Fitness HEALTH & WELLNESS  >  Back in the Saddle: Beginning Cycling

Back in the Saddle: Beginning Cycling

Back in the Saddle: Beginning Cycling
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By Kitt Walsh

There are a couple of truisms that aren’t quite true. One of them is, “It’s like riding a bike. You never forget how.”

While we may remember the mechanics of pushing a pedal forward shortly after getting back on a bike, our recollection of flying effortlessly down the street, wind in our hair and the open road before us may be one of those misty colored memories.

When it comes to biking, things are a bit different after age 50, but if you are willing to pay attention to some changes, you can keep cycling well into your 80’s or even 90’s.

Get your doctor’s permission: First things first. Don’t jump off that couch (where you have been a happy potato for months or even years) and into the saddle. Cycling is great exercise, but it is exercise and you need to know your heart, lungs, knees and all the rest of your body parts can take it. Tell your medical practitioner what you’ve got in mind (leisurely rides around the neighborhood with your silver haired sweetie or hitting the trail with some wild-eyed mountain bike enthusiasts.) Get an okay to ride and off you go.

Find your bike: Bite the bullet, get ready to spend a few hundred bucks on a good bike and go find a bike shop in your area. Tell the knowledgeable folks your plans, listen to their advice on everything from seats to helmets and buy good gear (never forgetting, the right bike is also one you will enjoy riding.) If you want a basket, a bell and even handlebar streamers, go for it. Consider one of the tall flags that stick up high above your back to alert cars to your presence and remember property placed mirrors so you can see behind you. Don’t forget good reflective gear and lights if you ever plan to ride at night or even dusk. You will fall off your bike on occasion, so ask about knee and elbow pads, too, and make sure the experts fit your helmet for you.

Protect the parts where the sun don’t shine: Some of us get extra padding when we get older and some of us just get bonier asses. Make sure the bike seat has extra padding and consider getting Lycra bike shorts. Sure, you may look a little like a sausage for a while, but the shorts protect your thighs from chafing, cut down on sweat to reduce rashes, act as genital support like a jock strap, compress your legs (which will help your muscles get less fatigued) and at some cushioning in the seat.

Do some stretching: Warm up stretching is more important than ever at our age, where a muscle or tendon injury can sideline us for months. Jamie Logan on the LiveStrong blog details a whole series of stretches you can use pre-biking:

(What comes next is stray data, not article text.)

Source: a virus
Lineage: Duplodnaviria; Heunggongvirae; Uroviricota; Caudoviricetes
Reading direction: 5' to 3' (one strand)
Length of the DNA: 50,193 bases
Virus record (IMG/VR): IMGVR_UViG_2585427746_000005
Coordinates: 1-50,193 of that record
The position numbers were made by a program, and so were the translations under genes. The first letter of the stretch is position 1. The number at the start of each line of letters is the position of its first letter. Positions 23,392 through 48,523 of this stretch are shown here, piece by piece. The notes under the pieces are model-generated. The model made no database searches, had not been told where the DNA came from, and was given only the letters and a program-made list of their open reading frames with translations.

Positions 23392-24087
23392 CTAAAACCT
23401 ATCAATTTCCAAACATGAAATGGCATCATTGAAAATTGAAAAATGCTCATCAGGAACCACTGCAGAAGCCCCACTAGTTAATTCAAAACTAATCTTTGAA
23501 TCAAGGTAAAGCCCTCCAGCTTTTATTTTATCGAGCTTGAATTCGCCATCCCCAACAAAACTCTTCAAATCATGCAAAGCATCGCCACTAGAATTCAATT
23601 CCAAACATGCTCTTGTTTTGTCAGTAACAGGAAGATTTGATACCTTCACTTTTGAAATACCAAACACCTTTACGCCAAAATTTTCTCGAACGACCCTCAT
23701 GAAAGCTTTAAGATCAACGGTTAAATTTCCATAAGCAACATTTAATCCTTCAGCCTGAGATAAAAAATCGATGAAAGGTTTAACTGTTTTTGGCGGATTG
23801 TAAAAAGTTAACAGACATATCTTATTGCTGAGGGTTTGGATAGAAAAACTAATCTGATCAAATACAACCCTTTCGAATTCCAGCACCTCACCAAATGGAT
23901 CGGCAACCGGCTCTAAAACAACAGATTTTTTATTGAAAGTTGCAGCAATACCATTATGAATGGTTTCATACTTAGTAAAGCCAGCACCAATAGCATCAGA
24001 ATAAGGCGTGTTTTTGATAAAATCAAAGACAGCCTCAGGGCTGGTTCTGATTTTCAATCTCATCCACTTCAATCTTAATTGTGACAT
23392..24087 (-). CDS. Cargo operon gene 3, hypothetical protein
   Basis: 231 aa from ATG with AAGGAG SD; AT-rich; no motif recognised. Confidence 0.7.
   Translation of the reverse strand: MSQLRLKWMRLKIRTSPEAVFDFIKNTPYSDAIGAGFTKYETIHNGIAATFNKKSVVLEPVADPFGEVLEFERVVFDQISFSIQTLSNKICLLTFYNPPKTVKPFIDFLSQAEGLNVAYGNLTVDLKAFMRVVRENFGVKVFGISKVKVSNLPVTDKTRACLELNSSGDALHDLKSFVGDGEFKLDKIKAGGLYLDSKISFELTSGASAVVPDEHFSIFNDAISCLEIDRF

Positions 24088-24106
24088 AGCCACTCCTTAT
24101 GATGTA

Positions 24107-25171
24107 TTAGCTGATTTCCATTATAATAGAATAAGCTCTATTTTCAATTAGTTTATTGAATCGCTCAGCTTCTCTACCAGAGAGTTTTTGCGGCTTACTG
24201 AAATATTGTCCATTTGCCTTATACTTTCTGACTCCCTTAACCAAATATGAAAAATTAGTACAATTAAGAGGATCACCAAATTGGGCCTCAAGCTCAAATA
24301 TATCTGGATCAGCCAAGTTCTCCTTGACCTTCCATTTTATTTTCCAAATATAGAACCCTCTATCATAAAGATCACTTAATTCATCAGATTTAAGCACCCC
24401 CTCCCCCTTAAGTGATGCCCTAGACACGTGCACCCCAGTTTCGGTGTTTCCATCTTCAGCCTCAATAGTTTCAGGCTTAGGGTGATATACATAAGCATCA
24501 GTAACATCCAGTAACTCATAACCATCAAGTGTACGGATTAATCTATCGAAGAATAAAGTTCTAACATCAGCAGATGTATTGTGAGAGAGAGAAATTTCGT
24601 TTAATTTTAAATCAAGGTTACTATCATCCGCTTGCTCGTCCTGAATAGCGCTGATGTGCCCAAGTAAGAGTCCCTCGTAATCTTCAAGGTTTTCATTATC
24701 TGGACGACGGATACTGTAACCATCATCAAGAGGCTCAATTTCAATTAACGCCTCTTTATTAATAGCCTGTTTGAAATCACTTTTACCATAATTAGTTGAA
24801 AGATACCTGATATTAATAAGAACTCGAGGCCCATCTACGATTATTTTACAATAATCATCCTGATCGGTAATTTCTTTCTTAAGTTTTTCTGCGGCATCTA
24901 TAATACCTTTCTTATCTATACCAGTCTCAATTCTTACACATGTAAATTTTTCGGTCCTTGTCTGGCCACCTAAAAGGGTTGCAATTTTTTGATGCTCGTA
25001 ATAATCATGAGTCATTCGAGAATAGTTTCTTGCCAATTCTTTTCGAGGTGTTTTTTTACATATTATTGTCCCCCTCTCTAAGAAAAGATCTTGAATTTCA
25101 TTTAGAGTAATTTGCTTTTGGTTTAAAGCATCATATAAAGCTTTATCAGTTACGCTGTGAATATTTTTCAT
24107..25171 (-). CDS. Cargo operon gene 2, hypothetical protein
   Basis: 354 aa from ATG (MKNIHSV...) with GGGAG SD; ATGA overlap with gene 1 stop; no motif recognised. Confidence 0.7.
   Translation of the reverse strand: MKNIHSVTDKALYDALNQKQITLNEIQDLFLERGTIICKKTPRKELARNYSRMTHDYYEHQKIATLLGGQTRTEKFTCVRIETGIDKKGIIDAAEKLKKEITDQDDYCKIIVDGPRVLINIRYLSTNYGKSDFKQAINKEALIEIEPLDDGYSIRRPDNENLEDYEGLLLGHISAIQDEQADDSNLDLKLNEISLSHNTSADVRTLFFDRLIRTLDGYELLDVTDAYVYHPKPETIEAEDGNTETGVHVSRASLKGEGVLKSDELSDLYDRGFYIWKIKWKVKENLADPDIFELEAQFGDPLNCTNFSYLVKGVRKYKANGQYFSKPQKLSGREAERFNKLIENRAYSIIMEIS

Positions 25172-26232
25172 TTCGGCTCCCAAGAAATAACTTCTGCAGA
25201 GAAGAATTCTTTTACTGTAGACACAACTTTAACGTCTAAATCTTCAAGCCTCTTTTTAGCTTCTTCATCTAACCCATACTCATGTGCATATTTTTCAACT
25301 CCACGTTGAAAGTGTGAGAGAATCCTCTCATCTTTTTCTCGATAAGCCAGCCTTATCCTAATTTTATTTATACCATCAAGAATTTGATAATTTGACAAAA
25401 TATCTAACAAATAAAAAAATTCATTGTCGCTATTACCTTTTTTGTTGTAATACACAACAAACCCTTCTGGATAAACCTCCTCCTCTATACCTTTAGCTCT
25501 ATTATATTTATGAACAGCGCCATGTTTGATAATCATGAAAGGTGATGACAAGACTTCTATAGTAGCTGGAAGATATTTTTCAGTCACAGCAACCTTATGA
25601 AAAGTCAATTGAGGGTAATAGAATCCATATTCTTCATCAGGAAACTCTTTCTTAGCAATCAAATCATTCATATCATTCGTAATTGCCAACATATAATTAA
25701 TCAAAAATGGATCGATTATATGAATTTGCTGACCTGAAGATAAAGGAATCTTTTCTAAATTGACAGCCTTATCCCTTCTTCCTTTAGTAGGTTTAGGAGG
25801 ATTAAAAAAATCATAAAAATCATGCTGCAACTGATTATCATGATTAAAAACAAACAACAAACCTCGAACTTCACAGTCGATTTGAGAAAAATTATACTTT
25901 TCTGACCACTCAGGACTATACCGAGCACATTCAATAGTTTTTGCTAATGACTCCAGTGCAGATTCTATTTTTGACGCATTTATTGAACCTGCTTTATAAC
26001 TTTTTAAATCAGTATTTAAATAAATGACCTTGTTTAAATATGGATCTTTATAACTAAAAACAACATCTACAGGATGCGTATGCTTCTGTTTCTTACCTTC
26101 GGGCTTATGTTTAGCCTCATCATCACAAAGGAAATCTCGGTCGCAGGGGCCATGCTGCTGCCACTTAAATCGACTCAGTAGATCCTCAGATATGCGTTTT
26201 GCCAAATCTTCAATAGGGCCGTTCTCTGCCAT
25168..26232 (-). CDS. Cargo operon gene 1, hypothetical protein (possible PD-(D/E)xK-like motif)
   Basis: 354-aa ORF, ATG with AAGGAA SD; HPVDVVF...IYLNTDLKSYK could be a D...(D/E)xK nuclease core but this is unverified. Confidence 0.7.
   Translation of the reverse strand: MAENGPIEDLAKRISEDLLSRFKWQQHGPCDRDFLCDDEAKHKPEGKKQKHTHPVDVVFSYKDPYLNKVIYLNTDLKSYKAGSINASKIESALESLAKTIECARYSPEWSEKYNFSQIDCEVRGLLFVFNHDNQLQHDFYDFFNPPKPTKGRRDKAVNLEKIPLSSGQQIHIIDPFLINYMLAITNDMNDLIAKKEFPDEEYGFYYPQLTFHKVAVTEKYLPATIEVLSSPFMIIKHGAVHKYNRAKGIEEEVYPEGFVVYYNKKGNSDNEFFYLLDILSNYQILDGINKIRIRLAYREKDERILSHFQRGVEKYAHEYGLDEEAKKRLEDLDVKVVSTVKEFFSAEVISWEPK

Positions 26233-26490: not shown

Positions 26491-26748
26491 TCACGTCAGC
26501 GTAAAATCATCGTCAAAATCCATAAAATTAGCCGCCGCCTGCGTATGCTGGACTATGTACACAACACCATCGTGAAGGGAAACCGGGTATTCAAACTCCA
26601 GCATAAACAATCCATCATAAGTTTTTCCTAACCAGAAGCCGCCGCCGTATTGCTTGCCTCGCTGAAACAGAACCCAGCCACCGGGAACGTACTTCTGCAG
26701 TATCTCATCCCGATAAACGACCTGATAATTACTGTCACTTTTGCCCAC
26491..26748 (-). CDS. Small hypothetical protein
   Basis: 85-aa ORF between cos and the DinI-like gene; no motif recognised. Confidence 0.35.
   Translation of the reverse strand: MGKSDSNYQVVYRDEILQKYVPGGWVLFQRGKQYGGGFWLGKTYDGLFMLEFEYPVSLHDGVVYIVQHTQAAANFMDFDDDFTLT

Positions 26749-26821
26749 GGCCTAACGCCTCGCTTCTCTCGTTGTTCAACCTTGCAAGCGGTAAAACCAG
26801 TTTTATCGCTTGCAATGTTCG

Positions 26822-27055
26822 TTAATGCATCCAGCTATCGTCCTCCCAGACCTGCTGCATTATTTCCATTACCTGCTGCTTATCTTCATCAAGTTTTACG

Watch your form: Your knees should be in line between your hip and ankle (not pointing out like you are climbing a pole) and your motion should be smooth and fluid.

Be careful of the brakes: Use your back pedal breaks to slow down and your front handle brakes only if you need to stop in a big hurry. If you jerk them tight, you may fly right over the handlebars.

Slow down: You are not going to keep up with somebody 20 years old, nor should you try. You’ll get plenty of exercise riding consistently, even slowly, and you’ve hit an age where you know to slow down enough to smell the roses, haven’t you?

Do strength training: A couple of days a week, do strength training at the gym. You will increase your endurance, the blood pumping to your heart and the amount of oxygen your lungs are getting. Your heart (one big muscle) will get stronger, making your riding more effortless and enjoyable.

Join a group: Ask your bike shop about beginner’s biking groups (there might even be one for folks our age). Riding with others will help you stick to it and socializing makes getting fit fun.

Don’t kill yourself: Don’t start out the first week deciding you are going to ride the 10 miles to your office and back. Build up in increments (and when you do eventually ride to work, take a good lock, weather gear, cab fare home in case of mechanical or bodily breakdowns, a charged cell phone and give yourself about twice as much time as you think you need.)

Stay hydrated and keep eating: Carry a water bottle with you and use it. Always drink a bottle of water when you get off the bike and experts say you should eat 1 gram of carbohydrate and 1/3 gram of protein per kilogram of your weight within a half an hour of finishing moderate or high intensity workouts like a bike ride.

Learn the rules of the road: Know not only where the bike lanes are, but be prepared for drivers to ignore them. Google the laws for bikers for your state and learn the uniform hand signals you need to know here:

Give your body time to recover: Biking is tough exercise if you are unused to it and we don’t bounce back as when we were kids. You’ll feel your bike rides in muscles you never even knew you had, so give yourself plenty of time to recover. Take a day off biking and soak in a hot tub. Invest in some Ben Gay or Icy Hot and some anti-inflammatories (don’t take these if you are taking aspirin too or else you’ll give yourself liver trouble!) and rest up. You can hit the road again tomorrow.

Have fun: Do take time to notice neighborhood gardens, watch the seasons change, take great gulps of fresh air, wave to your neighbors, practice a little moving meditation or say a few prayers. Enjoy your time whizzing through space under your own power. Appreciate the complex and perfect machine that is you.

Happy Trails.

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